Yeah, I guess it did. I mean, it was very flattering because it meant that they really enjoyed themselves on my show and that was always my intention. And so for people like Zac Efron to get emotional — I mean, he really teared up, but there are so many people who grew up on the show and so that [response] was very flattering. [Doing press] is a necessary evil in this business. You do a job and then you’ve got to go out and talk about it, and people ask questions over and over again, and I came from that side of the business and I was always like, “How can I make this a better, more fun experience for people?”
When it came to planning the final shows, what was important to you? And just as important, what didn’t you want?
There was a time a couple of months out where I was crying every day. I was really emotional, even though it was my choice, and it’s the right choice. I knew it was time to end this chapter and to do something different, but still it was really emotional. But I did not want the last two weeks to be about that. I’d meditate every day on my intention and how much I wanted to be present and enjoy it, and I wanted that for the audience, too. I wanted people to be reminded of what we brought to television with the music and the games and everything. It was more of a variety show than anything, and I wanted the last two weeks to be pure fun because I struggle with anxiety and depression and I know how important it is to have an escape. We’re reminded every single day of what’s going on in the world, from a sick family member to wars and fires and global warming. There are so many different things that make you sad.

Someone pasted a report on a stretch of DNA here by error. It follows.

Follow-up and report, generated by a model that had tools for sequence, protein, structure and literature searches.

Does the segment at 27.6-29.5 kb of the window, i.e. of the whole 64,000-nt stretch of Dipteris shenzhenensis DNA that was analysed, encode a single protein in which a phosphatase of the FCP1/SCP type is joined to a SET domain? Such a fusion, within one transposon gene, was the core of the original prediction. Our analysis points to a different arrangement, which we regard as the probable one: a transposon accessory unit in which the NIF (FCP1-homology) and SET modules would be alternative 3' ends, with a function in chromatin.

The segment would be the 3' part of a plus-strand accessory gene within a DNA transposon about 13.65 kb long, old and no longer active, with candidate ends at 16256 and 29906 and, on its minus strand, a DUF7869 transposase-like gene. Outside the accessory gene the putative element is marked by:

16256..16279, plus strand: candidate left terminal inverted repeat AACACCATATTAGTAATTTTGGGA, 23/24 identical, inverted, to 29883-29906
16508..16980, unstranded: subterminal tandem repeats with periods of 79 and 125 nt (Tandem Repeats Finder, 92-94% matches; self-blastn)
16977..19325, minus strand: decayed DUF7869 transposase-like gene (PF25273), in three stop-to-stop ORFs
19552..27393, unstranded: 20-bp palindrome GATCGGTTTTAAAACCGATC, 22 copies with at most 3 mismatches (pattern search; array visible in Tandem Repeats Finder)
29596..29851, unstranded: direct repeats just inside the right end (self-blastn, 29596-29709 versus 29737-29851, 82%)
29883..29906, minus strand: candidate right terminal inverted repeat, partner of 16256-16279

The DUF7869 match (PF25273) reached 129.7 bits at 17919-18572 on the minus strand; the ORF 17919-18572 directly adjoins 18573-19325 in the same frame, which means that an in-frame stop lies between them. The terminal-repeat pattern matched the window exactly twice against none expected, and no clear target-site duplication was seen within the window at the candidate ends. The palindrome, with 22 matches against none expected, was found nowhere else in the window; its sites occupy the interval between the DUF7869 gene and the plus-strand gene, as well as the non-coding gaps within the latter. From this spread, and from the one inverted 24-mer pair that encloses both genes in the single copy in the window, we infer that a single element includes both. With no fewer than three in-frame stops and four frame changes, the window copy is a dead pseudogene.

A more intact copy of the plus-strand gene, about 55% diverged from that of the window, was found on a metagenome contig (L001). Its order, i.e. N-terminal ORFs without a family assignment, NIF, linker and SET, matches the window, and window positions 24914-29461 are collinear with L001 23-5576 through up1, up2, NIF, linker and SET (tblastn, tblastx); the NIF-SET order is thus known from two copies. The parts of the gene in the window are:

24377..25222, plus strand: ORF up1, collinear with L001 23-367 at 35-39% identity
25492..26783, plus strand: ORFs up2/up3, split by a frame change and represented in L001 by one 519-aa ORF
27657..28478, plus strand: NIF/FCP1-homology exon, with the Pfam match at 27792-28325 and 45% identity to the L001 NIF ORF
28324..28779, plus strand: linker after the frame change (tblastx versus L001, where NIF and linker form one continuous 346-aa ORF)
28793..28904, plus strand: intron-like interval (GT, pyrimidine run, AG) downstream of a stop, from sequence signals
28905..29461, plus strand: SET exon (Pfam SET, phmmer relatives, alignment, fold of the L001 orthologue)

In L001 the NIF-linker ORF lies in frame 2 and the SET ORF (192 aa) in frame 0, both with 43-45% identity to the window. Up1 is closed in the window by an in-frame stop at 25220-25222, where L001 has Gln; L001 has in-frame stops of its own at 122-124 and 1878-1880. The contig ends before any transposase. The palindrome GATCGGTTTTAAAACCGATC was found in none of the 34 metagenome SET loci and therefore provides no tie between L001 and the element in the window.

And I struggle with becoming overwhelmed with that. And sometimes it feels hard for me even to go out and do a show because I am thinking, “How can I be out having fun when someone’s suffering?” And then I realize that that’s one hour a day that I’m helping somebody who needs to escape just like I do. That’s what I hope everybody was getting from the show and will remember it for.
Oprah is one of very few people who has been in your shoes. I know she’s given you advice on-air. I’m guessing she also gave you advice off-air. Which of it will you listen to?
Well, she’s obviously a very wise woman, and one of the wisest things that I got from her is when making a margarita, always use fresh lime, never bottled lime. So, I’ll always remember that.
That’s good advice. You told me a year ago that you weren’t very good at sitting still, which I believe is something she’s encouraged.